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Found 8 results

  1. This is a poem I wrote recently I hope you like it. Sorry friends: I forgot I had already posted this a while back...duh!!!
  2. In keeping with some of the political posts in other threads, I hope this poem strikes a chord:
  3. Another foray from the more serious topics, yet a seriousness in itself
  4. Why was the old one closed? Perched on their long legs A brace of cranes are busy Fishing for girders.
  5. A

    Every time I turn on the tv all you see is killing going on around the world all i can say Is God help us all
  6. Greetings to you all my sisters and brothers, As my Christmas gift to you all, I wanted to share with you a poem I first read more than 25 years ago. I was written by a theologian named Willam Shoemaker, a member of what in early 20th Century was known as the Oxford Group. This rather loosely organized group of clergy and laity was one of the key forces in the founding of what came to Alcoholics Anonymous and other 12 step programs. As I struggled to come to understand what being in ministry means for me, this poem helped me to clarify in my mind what I was called to be and do. I hope that in your own journey in ministry, that this may help you as it did me. I Stand at the Door By Sam Shoemaker (from the Oxford Group) I stand by the door. I neither go to far in, nor stay to far out. The door is the most important door in the world - It is the door through which men walk when they find God. There is no use my going way inside and staying there, When so many are still outside and they, as much as I, Crave to know where the door is. And all that so many ever find Is only the wall where the door ought to be. They creep along the wall like blind men, With outstretched, groping hands, Feeling for a door, knowing there must be a door, Yet they never find it. So I stand by the door. The most tremendous thing in the world Is for men to find that door - the door to God. The most important thing that any man can do Is to take hold of one of those blind, groping hands And put it on the latch - the latch that only clicks And opens to the man's own touch. Men die outside the door, as starving beggars die On cold nights in cruel cities in the dead of winter. Die for want of what is within their grasp. They live on the other side of it - live because they have not found it. Nothing else matters compared to helping them find it, And open it, and walk in, and find Him. So I stand by the door. Go in great saints; go all the way in - Go way down into the cavernous cellars, And way up into the spacious attics. It is a vast, roomy house, this house where God is. Go into the deepest of hidden casements, Of withdrawal, of silence, of sainthood. Some must inhabit those inner rooms And know the depths and heights of God, And call outside to the rest of us how wonderful it is. Sometimes I take a deeper look in. Sometimes venture in a little farther, But my place seems closer to the opening. So I stand by the door. There is another reason why I stand there. Some people get part way in and become afraid Lest God and the zeal of His house devour them; For God is so very great and asks all of us. And these people feel a cosmic claustrophobia And want to get out. 'Let me out!' they cry. And the people way inside only terrify them more. Somebody must be by the door to tell them that they are spoiled. For the old life, they have seen too much: One taste of God and nothing but God will do any more. Somebody must be watching for the frightened Who seek to sneak out just where they came in, To tell them how much better it is inside. The people too far in do not see how near these are To leaving - preoccupied with the wonder of it all. Somebody must watch for those who have entered the door But would like to run away. So for them too, I stand by the door. I admire the people who go way in. But I wish they would not forget how it was Before they got in. Then they would be able to help The people who have not yet even found the door. Or the people who want to run away again from God. You can go in too deeply and stay in too long And forget the people outside the door. As for me, I shall take my old accustomed place, Near enough to God to hear Him and know He is there, But not so far from men as not to hear them, And remember they are there too. Where? Outside the door - Thousands of them. Millions of them. But - more important for me - One of them, two of them, ten of them. Whose hands I am intended to put on the latch. So I shall stand by the door and wait For those who seek it. 'I had rather be a door-keeper So I stand by the door. In solidarity, Rev. Calli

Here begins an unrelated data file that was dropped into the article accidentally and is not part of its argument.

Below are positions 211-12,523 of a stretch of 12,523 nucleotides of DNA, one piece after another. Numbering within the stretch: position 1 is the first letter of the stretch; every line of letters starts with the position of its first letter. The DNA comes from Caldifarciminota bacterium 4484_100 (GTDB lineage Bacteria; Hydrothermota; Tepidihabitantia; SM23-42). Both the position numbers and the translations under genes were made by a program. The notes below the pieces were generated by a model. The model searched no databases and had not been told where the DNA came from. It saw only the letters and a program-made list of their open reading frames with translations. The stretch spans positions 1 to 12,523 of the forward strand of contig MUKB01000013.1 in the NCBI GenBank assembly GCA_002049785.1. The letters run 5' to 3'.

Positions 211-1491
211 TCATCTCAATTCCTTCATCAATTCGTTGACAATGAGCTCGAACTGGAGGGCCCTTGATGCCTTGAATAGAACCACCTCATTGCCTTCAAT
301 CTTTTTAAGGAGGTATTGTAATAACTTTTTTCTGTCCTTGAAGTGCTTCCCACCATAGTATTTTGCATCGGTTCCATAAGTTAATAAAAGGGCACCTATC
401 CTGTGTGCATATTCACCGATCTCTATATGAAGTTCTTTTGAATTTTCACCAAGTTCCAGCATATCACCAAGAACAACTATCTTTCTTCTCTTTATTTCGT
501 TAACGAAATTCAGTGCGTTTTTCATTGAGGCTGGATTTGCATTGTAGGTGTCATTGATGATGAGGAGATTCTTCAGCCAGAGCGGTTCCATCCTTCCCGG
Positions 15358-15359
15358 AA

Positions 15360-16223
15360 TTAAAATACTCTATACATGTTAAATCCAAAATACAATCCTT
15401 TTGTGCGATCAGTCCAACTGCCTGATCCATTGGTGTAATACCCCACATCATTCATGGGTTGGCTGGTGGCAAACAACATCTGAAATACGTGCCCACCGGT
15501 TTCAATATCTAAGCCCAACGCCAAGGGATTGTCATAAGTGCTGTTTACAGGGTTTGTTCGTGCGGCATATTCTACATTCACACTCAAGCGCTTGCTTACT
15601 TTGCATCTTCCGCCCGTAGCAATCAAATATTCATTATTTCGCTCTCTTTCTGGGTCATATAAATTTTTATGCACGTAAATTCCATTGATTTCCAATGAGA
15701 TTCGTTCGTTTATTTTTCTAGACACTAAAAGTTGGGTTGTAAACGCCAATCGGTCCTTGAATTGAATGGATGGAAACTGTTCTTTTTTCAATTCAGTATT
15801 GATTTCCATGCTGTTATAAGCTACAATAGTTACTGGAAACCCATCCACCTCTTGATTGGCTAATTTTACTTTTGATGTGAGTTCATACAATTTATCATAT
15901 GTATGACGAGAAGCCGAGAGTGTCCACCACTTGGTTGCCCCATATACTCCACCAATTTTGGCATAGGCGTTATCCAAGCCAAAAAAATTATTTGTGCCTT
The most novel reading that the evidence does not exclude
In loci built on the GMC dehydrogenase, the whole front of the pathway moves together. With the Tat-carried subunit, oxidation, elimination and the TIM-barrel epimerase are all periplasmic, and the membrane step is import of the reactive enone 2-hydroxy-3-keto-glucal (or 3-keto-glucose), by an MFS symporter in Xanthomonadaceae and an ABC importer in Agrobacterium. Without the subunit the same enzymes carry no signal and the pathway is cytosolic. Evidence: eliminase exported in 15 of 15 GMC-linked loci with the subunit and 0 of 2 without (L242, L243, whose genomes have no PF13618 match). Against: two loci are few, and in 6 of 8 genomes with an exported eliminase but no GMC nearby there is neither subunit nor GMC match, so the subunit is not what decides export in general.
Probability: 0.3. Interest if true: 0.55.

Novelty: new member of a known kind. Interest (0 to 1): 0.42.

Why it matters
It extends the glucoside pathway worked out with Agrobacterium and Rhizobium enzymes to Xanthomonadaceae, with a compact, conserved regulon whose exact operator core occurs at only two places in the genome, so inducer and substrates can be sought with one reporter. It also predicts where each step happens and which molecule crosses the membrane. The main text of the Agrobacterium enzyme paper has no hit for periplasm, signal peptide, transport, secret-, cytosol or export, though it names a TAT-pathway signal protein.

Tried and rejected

7. Haiku

    The old bum shivers; a vacancy sign flashes on-off in his neon eyes. From cherry blossoms the spider climbs down its silk; our love too on a thread.